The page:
(Pictured: Eddie Rabbitt, 1981.)
Forty years ago this week, Eddie Rabbitt hit #1 on the Hot 100 with “I Love a Rainy Night.” It’s got to be one of the more unlikely #1 hits ever. Why it resonated with people is hard for me to explain: it’s just one of those records that caught a particular updraft at a particular moment. Similarly hard for me to explain is why I dislike “I Love a Rainy Night.” It’s super-catchy and it sounds good on the radio. I like Eddie Rabbitt fine on his other big pop crossovers like “Suspicions” and “Drivin’ My Life Away.” But I don’t like “I Love a Rainy Night” and I never have, and it’s just one of those things about myself that I (and you) have to accept.
Last weekend, I asked people on Twitter to name a record for which they have an irrational dislike. While I didn’t go viral or anything, I got a few responses, which I will annotate below.
“Endless Love”/Diana Ross and Lionel Richie
“Lady” is one of those songs you played on the air for the first time and thought, “Oh, god, we’re going to be playing this every two hours for the next six months,” and that’s pretty much how it happened. I don’t think my own dislike for “Endless Love” is especially irrational. It’s terminally bland, and while the label says it runs 4:36, it feels like 10 minutes to me.
“You Light Up My Life”/Debby Boone. Lots of people would tell you that disliking “You Light Up My Life” isn’t irrational at all—that it’s one of the most hate-worthy hits of all time. But it barely seems worth the effort now, considering how it’s been disappeared from pop-music history, as if we’ve repressed just how popular it was at the end of 1977.
“That’s All”/Genesis. I have never minded this myself, but I can see how somebody might. It takes four minutes to not do very much.
“Fields of Gold”/Sting
“Don’t Stand So Close to Me”/Police
Music history is full of artists who needed the leavening influence of collaborators to keep them from getting lost up their own external orifice: Lennon/McCartney and Henley/Frey are merely the most famous. To the extent that the Police were ever punk, Andy Summers and Stewart Copeland must have been responsible. Sting’s solo work is as punk-opposite as the Captain and Tennille. A lot of it sounds like it was produced in a biologically secure lab; some of it sounds like it was made with no human involvement at all.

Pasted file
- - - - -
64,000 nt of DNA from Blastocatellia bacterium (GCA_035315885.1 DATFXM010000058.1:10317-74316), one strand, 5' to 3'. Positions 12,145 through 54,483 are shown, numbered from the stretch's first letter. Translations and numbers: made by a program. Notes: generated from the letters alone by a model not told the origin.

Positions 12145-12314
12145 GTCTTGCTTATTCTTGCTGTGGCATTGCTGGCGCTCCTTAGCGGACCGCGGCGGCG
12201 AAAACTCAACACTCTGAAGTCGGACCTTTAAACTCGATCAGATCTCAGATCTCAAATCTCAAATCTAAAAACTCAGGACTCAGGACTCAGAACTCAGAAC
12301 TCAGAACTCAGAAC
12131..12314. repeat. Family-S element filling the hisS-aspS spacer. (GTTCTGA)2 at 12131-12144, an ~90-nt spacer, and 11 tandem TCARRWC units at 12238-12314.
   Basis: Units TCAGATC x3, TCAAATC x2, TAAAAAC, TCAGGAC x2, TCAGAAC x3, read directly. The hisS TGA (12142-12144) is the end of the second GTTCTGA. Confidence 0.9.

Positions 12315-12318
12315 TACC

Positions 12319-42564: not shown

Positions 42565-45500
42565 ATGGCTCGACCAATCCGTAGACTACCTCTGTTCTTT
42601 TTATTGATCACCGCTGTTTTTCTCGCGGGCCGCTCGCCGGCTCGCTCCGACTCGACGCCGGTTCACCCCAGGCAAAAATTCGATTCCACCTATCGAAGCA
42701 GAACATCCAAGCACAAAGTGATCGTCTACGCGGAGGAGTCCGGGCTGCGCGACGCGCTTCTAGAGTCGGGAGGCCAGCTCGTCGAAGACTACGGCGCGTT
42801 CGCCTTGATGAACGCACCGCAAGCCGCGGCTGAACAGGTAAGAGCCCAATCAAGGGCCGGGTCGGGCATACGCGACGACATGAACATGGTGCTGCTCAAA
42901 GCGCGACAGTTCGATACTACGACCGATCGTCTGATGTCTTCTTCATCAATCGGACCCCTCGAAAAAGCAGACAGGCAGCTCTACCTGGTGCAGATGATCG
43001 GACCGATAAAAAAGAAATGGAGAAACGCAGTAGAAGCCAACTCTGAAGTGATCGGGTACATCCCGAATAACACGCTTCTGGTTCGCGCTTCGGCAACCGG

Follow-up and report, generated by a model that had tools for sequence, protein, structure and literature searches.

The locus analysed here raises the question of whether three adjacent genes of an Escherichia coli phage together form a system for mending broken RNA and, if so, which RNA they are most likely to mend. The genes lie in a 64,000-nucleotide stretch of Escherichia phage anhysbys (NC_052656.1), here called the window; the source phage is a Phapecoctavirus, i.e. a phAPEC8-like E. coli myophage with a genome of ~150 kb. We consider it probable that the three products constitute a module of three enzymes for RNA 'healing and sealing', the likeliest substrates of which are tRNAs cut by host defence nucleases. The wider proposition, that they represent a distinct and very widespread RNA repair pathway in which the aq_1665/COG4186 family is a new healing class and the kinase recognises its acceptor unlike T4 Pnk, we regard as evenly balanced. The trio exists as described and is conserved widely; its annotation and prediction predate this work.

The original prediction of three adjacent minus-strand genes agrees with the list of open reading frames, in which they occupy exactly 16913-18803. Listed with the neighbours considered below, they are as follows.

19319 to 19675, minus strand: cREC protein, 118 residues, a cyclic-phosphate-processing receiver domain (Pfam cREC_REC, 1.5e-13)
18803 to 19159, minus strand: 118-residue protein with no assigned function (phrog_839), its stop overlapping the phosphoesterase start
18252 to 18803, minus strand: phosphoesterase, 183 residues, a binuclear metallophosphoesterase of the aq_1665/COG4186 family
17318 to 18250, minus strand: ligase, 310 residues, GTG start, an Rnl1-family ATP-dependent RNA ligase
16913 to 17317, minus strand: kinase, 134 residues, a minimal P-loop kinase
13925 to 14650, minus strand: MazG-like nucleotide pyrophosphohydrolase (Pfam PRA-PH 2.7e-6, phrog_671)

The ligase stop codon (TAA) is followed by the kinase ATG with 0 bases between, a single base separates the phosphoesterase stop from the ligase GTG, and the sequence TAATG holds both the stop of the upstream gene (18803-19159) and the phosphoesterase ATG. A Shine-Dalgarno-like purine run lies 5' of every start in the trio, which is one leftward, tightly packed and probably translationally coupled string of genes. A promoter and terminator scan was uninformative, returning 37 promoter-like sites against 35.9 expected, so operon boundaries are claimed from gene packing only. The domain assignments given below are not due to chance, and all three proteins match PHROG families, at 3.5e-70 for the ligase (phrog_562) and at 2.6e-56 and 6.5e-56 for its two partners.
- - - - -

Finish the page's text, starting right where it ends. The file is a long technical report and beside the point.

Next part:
Somebody chimed in to defend “Fields of Gold” as “noble and nostalgic.” I can understand how a person might hear it that way. But when I listen to it, I feel nothing one way or the other.
“Stand”/R.E.M. There are handful of critically acclaimed performers whose work moves me not at all, to the point at which friends who are fans cannot imagine how it could be so. Elvis Costello is the biggest, but R.E.M. is another. That doesn’t make critics and fans wrong. It’s just don’t hear it.
“Anything by Yes, but especially The Yes Album and Tales of a Boring Ocean.” I love that the original 70s Yes existed, as a testimonial to the combined power of virtuoso musicianship, esoteric philosophy, and recreational drugs. And I love that Tales From Topographic Oceans exists for the same reason, although I don’t think I’ve ever heard a single second of it. The Yes Album strikes me as fine, though. I will always crank the opening of “Yours Is No Disgrace,” and “Starship Trooper” scratches the same itch in me that Emerson Lake and Palmer did. But yeah, I never need to hear “I’ve Seen All Good People” again.
“Anything with Michael McDonald singing lead.” Welp, that’s certainly an opinion all right.
Your irrational dislikes are welcome below. Not hatred with the red-hot fire of a thousand suns, but just dislike, with extra points if you don’t have a reason. The readership has done a fabulous job of elevating the level of the discourse here in the last few months. I am expecting big things outta you guys this time.
Programming Note: 1991 seems to me like it should be maybe six or seven years ago, but I’m told it’s been longer than that. We’ll spend all of next week in 1991, so stop back.